North Fraser Community Church in Lake Errock, B.C., is a place where people of Dutch, First Nations, German, French, Korean, and Spanish descent worship together. Pastor Alec Niemi strives to be “inclusive and integrative, accepting and accommodating” to the many ethnicities represented in his community, so they can hear that “it’s the gospel that changes the hearts of all people.”
The sense of equality Niemi cultivates is what draws George Brown, a First Nations member, to drive 40 minutes to attend church on Sundays. The church “walks beside [me] rather than in front of [me],” says Brown.
Yet there is a gap to be bridged between the assumptions and cultural understandings of the largely white, middle-class members of European descent, who make up a large percentage of MB members in Canada, and Aboriginal Peoples.
Mennonite Central Committee’s Aboriginal Neighbours program uses a combination of dialogue, advocacy, and community-building support to provide bridges and create space for relationships between Mennonites and First Nations people to “partner in God’s work of reconciliation” across Canada.
“The Aboriginal church will never look like the mainstream churches around them,” says Ellen Hooge of NAIM, who develops Sunday school curricula for Native children. The greatest need of the Aboriginal fellowships “popping up all over North America,” she says, is for culturally relevant materials to “facilitate the Aboriginal church in sharing the gospel with their people – and the world.”
Mennonite Church Canada has developed a Sunday school curriculum for use by Aboriginals and non-Aboriginals alike. Called Reaching up to God our Creator, the curriculum “explores the wisdom of Jesus Christ that is present in Aboriginal sacred teachings.” The producers say it allows both groups to “be blessed by the cultural and racial distinctives as well as the under-girding wisdom of Christ.”
Resources and training are needed to support people in the community already doing the work, says Hay. Another project, which makes Christian teaching more accessible to some Aboriginals, is the Canadian Bible Society’s Ojibwa Bible, relaunched in 2008, containing the New Testament and 50 percent of the Old Testament in “di-script,” Roman script set alongside Ojibwa syllabics.
Fish out of water
Building relationships, trust, and a sense of hope are key to all these ministries, formal or grassroots. Student Elya Penner came away from Bethany College’s annual week-long immersion on a rural reserve saying, “there is much pain, much healing that still needs to take place, but we witnessed much beauty.” Over six years of cultural awareness trips, the school has earned the trust of community leaders through the students’ willingness to learn about Cree culture, and get to know the people they meet.
“Instead of bringing or doing something for [the people on the reserve], the most we had to offer was our time,” says Lance Brown, another Bethany student. “It does no good to try and change their ways or tell them about Jesus if you first haven’t proved you’re willing to become their friend.”
“Having a listening attitude is so important because it changes my perspective and whole attitude going in, to care, listen, and learn,” says Wiens. As he interacts with Aboriginal people, he often learns as much about himself and his own need to grow as he offers help.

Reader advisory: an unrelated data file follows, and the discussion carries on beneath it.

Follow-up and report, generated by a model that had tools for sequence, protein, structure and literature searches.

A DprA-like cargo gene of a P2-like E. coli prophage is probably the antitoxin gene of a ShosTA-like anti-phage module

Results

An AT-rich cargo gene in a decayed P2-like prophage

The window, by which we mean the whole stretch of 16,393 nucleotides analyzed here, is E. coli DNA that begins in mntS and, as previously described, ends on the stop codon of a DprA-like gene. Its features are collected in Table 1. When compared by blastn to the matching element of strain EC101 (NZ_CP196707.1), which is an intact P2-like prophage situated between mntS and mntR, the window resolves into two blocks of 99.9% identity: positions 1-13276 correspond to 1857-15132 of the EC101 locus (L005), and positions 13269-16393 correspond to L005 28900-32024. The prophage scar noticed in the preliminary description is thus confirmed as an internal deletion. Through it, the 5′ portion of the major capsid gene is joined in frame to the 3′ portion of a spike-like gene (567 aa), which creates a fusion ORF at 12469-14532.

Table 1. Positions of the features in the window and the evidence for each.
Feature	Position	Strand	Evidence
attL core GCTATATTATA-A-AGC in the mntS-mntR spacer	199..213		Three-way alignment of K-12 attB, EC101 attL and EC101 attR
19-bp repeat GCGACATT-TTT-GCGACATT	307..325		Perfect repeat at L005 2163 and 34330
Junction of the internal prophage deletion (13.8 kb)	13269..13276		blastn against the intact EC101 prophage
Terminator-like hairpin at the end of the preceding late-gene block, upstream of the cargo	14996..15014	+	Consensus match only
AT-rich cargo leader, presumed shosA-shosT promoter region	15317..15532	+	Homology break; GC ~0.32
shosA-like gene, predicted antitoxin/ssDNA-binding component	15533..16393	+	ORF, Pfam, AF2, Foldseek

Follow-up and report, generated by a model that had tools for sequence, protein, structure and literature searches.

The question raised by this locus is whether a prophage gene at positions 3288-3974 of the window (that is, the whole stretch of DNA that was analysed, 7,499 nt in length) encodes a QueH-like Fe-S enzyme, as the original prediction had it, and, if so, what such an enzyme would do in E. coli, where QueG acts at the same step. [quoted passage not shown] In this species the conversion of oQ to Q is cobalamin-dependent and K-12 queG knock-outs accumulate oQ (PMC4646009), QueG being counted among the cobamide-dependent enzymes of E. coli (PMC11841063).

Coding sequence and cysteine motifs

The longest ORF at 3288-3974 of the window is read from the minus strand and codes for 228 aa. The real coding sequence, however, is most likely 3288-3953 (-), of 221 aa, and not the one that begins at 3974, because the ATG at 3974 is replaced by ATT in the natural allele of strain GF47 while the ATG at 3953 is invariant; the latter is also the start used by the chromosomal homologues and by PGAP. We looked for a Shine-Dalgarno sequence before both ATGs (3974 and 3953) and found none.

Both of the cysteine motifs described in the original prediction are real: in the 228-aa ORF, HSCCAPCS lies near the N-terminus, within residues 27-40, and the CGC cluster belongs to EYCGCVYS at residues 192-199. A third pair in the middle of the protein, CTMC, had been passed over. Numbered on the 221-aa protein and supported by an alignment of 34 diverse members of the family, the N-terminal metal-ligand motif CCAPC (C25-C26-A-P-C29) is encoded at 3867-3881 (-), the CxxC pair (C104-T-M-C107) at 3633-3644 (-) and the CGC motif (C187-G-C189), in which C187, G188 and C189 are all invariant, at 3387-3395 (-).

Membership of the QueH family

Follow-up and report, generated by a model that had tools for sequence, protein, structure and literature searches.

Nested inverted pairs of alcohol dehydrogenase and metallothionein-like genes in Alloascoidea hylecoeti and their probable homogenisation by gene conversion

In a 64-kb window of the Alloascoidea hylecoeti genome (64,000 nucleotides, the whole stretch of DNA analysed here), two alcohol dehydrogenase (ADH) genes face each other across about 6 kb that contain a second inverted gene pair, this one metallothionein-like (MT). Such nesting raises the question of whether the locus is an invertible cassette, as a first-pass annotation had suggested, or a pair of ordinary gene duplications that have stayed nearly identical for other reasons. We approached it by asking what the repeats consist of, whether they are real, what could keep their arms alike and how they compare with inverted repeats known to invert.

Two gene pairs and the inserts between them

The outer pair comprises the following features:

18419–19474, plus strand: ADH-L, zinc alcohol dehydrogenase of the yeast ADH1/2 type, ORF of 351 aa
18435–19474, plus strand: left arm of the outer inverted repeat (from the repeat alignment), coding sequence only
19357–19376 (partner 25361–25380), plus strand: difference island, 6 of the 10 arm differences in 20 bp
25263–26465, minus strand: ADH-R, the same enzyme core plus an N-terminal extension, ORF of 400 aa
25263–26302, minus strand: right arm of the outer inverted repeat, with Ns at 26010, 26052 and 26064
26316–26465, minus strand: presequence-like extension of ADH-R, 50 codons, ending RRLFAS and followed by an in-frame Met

“If people understood how great the blessing is, you’d have people clamouring to have more diversity in the fellowship,” says Reimer. But the trick is, “you have to be willing to be the fish out of water.”
A brief history
Mennonite Brethren of North America established a mission among the Comanche Indians of Oklahoma in 1896. It was not until 1907 that the first baptism took place, but the Post Oak Mission became, according to the Oklahoma Historical Society, “arguably the most successful” in western Oklahoma. The Post Oak MB Church still exists.
In Canada, MB mission to First Nations communities evolved in fits, starts, and stops. These are some recorded initiatives:
- 19 Mennonite Brethren conscientious objectors taught school on Native reserves in United Church posts in northern Manitoba vacated by World War II’s call for conscripts.
- Initiatives in interior B.C. after World War II, also often tied with teaching posts, resulted in some mission churches which later fizzled due to competing interests of Aboriginal, Japanese, and Caucasian members, or transferred their allegiance to other denominations.
- In the early 1970s, the B.C. conference withdrew from direct involvement in Aboriginal ministry in Port Edward, but resolved to support the work of North American Indigenous Mission (NAIM).
- Saskatoon Native Mennonite Brethren Church appears in conference yearbooks for 1981 and 1982 with 10 members, then disappears from 1983 on.
- In 1988, Mission and Church Extension of Manitoba pushed a recommendation to plant a Native church in Winnipeg, but the church planter and the conference parted ways; by 1994 a “heart connection” was cited between the parties without a formal relationship.
- The Alberta conference decided that the work being done in Hobbema “does not fit into [its] Policies and Procedure” and was pleased to pass the work on to Northern Canada Evangelical Mission. The conference concluded officially funding NCEM in 1994.
—KB, with files from A History of the Mennonite Brethren Church, No Longer at Arms Length, “Mennonite COs and the United Church in Northern Aboriginal Communities” in Journal of Mennonite Studies, MB Herald, Saskatchewan MB Conference Year Book, www.gameo.org.